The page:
A USA Sovereign Wealth Fund?

In 2007, Tyler Cowen raised an intriguing possibility.

I have yet to see the evidence that trade has a significant negative impact on middle class wages, but for sake of argument assume it is true. However benevolent it may sound, strengthening the social safety net would not be my policy recommendation number one. After all, if Samuelson-Stolper factor price equalization is the main mechanism at work, wages would have a long way to fall downwards and if anyone in the middle class is to keep working, the safety net must eventually be cut, not increased. You might think we can fund all these trade-losers by taxing capital but of course the incidence of taxes on capital sometimes falls on labor, not to mention that at some point the Laffer Curve kicks in.

Is not the appropriate policy recommendation to create a budget surplus, create a U.S.A. Sovereign Wealth Fund, and invest the resulting capital in the corporate winners from this entire process? In other words, we would be giving the trade-losers a more direct share in capital. Since output is rising and wages are falling, the return to capital must be rising; let's make money off of that.

Given the state of America's public finances, this is perhaps better described as an intriguing impossibility. And as once-mighty sovereign wealth funds in the Gulf and elsewhere evaporate, this does seem like a less attractive option on the surface. But NYU sociologist Dalton Conley has a thoughtful discussion of the USA sovereign wealth fund concept that is well worth a look. In the old days, policy entrepreneurs wanted the U.S. to mimic Japan or Germany. Conley asks us to look to ... Qatar.

With the current consumption-based approach to social and economic policy, there will always be a disconnect between the macroeconomic health of the U.S. economy and the economic fortunes of the typical American family. That's because technology-induced productivity growth often results in a windfall for the few at the top and little or no increased income rewards for those at the bottom. By contrast, if everyone were an investor, national productivity gains could instead be distributed in the form of dividends. When productivity went up, we could actually work less and take more time off when our kids were born or our parents were ailing, for instance. Such a work-deemphasizing approach would represent nothing short of a whole new economic policy-one better fit to a post-industrial knowledge economy and a fragile global ecosystem threatened by our consumerist culture.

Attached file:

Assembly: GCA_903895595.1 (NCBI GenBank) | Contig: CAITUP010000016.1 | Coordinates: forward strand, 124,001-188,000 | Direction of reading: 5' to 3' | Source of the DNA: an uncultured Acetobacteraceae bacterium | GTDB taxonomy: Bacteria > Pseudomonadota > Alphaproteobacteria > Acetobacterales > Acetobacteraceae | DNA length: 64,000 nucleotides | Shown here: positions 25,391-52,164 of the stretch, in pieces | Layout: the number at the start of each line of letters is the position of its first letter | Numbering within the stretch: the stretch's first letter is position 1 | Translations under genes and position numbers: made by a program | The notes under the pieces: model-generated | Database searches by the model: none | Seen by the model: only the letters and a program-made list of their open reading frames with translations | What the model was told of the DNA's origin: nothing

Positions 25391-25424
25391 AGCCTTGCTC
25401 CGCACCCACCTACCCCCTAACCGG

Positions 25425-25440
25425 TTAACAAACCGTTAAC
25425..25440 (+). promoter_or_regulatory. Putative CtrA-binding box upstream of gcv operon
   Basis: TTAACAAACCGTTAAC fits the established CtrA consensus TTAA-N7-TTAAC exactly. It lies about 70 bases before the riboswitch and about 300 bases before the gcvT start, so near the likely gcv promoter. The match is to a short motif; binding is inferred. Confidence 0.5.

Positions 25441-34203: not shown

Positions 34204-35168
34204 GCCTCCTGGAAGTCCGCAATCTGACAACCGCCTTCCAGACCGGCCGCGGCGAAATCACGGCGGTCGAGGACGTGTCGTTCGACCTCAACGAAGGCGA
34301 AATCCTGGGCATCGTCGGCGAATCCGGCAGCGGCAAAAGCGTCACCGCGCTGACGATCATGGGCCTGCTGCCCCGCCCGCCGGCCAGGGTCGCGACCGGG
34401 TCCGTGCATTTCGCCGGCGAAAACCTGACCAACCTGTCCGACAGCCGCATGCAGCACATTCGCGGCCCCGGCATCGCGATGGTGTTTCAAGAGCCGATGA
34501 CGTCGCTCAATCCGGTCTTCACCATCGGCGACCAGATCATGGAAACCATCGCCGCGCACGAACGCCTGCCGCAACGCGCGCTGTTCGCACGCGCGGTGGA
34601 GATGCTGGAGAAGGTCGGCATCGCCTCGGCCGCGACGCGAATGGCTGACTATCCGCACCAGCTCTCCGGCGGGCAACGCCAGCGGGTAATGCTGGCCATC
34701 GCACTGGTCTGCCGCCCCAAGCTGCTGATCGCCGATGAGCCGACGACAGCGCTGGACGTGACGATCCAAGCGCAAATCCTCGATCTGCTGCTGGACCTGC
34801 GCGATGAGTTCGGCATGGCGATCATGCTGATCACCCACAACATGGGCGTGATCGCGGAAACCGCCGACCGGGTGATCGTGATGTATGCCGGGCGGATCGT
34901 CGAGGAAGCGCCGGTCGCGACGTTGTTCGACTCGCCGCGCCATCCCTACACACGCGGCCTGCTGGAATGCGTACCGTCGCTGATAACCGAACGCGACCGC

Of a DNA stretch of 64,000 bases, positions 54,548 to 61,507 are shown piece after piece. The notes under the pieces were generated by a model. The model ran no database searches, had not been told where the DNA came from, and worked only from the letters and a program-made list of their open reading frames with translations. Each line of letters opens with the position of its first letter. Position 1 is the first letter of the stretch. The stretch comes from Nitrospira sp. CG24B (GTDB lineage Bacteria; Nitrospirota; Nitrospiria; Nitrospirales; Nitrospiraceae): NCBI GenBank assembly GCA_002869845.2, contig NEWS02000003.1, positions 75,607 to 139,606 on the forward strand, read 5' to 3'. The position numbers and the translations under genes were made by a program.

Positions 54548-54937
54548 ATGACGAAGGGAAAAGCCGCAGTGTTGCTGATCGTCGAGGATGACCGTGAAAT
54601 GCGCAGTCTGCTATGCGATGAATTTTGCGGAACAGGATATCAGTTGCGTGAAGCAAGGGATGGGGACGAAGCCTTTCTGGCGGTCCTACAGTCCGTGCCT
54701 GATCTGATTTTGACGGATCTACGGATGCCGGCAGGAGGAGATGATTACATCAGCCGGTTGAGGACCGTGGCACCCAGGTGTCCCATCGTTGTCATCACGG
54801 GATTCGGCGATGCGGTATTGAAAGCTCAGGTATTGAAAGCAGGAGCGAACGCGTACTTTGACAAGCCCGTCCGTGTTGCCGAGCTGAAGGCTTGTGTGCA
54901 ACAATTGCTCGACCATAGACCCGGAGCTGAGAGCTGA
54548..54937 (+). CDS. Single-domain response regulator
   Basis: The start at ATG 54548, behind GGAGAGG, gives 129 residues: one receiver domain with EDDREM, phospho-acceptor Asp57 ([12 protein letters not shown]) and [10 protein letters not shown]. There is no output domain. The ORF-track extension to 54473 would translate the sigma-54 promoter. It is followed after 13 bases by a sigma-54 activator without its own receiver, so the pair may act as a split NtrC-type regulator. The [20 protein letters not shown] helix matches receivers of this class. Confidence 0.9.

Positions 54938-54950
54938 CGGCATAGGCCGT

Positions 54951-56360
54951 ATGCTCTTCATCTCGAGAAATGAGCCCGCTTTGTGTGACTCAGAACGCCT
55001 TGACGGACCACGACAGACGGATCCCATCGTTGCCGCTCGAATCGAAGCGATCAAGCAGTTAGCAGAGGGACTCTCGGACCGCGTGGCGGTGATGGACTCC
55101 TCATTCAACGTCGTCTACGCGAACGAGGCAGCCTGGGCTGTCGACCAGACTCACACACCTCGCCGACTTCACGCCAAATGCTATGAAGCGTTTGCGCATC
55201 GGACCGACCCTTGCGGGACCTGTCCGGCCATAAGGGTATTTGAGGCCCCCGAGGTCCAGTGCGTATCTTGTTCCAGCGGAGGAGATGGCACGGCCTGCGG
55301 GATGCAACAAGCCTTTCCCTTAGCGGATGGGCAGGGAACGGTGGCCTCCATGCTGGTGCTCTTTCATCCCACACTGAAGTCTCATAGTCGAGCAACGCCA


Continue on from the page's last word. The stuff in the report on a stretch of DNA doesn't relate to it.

A pipe dream? Hardly. Many other countries already enjoy such benefits. Qataris, Norwegians, and Emiratis all enjoy standards of living similar to ours without having to work much (or fret over the existence of jobs).

Conley goes on to sketch out what an American SWF might look like and how it would be governed. If the idea strikes you as zany, well, keep in mind that zanier things have happened.

Presented by

Reihan Salam is a policy advisor at Economics 21, a columnist for The Daily, and a blogger for National Review Online.

How to Cook Spaghetti Squash (and Why)

Cooking for yourself is one of the surest ways to eat well. Bestselling author Mark Bittman teaches James Hamblin the recipe that everyone is Googling.

Join the Discussion

After you comment, click Post. If you’re not already logged in you will be asked to log in or register.

blog comments powered by Disqus

Video

How to Cook Spaghetti Squash (and Why)

Cooking for yourself is one of the surest ways to eat well.

Video

Before Tinder, a Tree

Looking for your soulmate? Write a letter to the "Bridegroom's Oak" in Germany.

Video

The Health Benefits of Going Outside

People spend too much time indoors. One solution: ecotherapy.

Video

Where High Tech Meets the 1950s

Why did Green Bank, West Virginia, ban wireless signals? For science.

Video

Yes, Quidditch Is Real

How J.K. Rowling's magical sport spread from Hogwarts to college campuses

Video

Would You Live in a Treehouse?

A treehouse can be an ideal office space, vacation rental, and way of reconnecting with your youth.

More in Business

Just In